Record numbers join in 2011!
- 3 January 2012
We've had some great news to see the New Year in with … 18,000 new members have joined the Art Fund during 2011 which is an increase of 15%. Our almost 90,000 members have helped us place £18.5 million worth of art in UK museum collections.
Marcantonio Bassetti's The Dead Christ supported by the Virgin Mary and Mary Magdalene
© Fitzwilliam Museum
We've had some great news to see the New Year in with - 18,000 new members have joined the Art Fund during 2011 which is an increase of 15%. Our almost 90,000 members have helped us place £18.5 million worth of art in UK museum collections.
Stephen Deuchar the Director of the Art Fund observed, “At a time when Britain’s museums are facing cuts of at least 15%, our success with the National Art Pass in bringing a 15% growth in membership this year has shown that the public’s appetite for great art remains undiminished"
During 2011 we committed over £4.4 million to support the acquisition of almost 150 works of art by museums and galleries in the UK, here are some of our highlights from the past year:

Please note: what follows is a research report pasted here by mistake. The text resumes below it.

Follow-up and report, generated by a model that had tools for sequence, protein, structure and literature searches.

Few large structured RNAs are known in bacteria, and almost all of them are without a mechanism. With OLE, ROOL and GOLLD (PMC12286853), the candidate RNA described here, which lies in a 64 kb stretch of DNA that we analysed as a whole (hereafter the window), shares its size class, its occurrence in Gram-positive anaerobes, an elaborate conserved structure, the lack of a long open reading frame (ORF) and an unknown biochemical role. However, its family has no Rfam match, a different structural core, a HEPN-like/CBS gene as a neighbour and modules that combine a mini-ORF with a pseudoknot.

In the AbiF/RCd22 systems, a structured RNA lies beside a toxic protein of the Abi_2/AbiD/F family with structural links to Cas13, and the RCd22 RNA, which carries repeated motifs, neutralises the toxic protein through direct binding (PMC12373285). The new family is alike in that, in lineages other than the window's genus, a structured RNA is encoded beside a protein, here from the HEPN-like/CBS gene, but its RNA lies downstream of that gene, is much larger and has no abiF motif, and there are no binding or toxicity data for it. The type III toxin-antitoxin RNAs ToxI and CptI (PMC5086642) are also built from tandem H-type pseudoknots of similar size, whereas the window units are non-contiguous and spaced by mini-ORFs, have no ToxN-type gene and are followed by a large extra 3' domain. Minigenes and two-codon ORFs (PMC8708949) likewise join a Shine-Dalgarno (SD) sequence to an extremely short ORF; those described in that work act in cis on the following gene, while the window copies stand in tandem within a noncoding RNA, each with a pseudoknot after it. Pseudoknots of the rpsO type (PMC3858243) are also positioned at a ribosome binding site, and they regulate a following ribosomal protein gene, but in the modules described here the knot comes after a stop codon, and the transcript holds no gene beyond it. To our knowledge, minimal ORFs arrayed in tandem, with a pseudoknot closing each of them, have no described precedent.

This gloomily haunting work is an extremely rare intact example of Veronese oil on slate painting. Its gleaming surface and highly unusual composition together made it one of the most extraordinary Baroque paintings to become available in years.
Excavated in the 1940s and 1950s by Agatha Christie’s archaeologist husband Sir Max Mallowan, this collection of almost 1,000 exquisite carved ivories and figures dating from the 9th to 7th centuries BC are essential to the study of Assyrian civilization.
This is the largest hoard of Roman coins ever to have been found in a single container. It is also the second largest Roman coin hoard ever found, with 52,503 coins weighing 160kg.
This complete suite of watercolour illustrations by one of Britain’s best-loved illustrators was created for one of only four picture books for children written by Graham Greene, and was acquired by the nation’s museum for children’s stories, based in Newcastle
Perhaps the last great pop artist working today, Alex Katz has been at the very forefront of painting since he began exhibiting in the 1950s. This 2009 portrait of American Vogue’s famously formidable Editor-in-Chief captures both the seriousness of the sitter, and a softer side that is less associated Wintour. The image is currently the bestselling postcard produced by the National Gallery.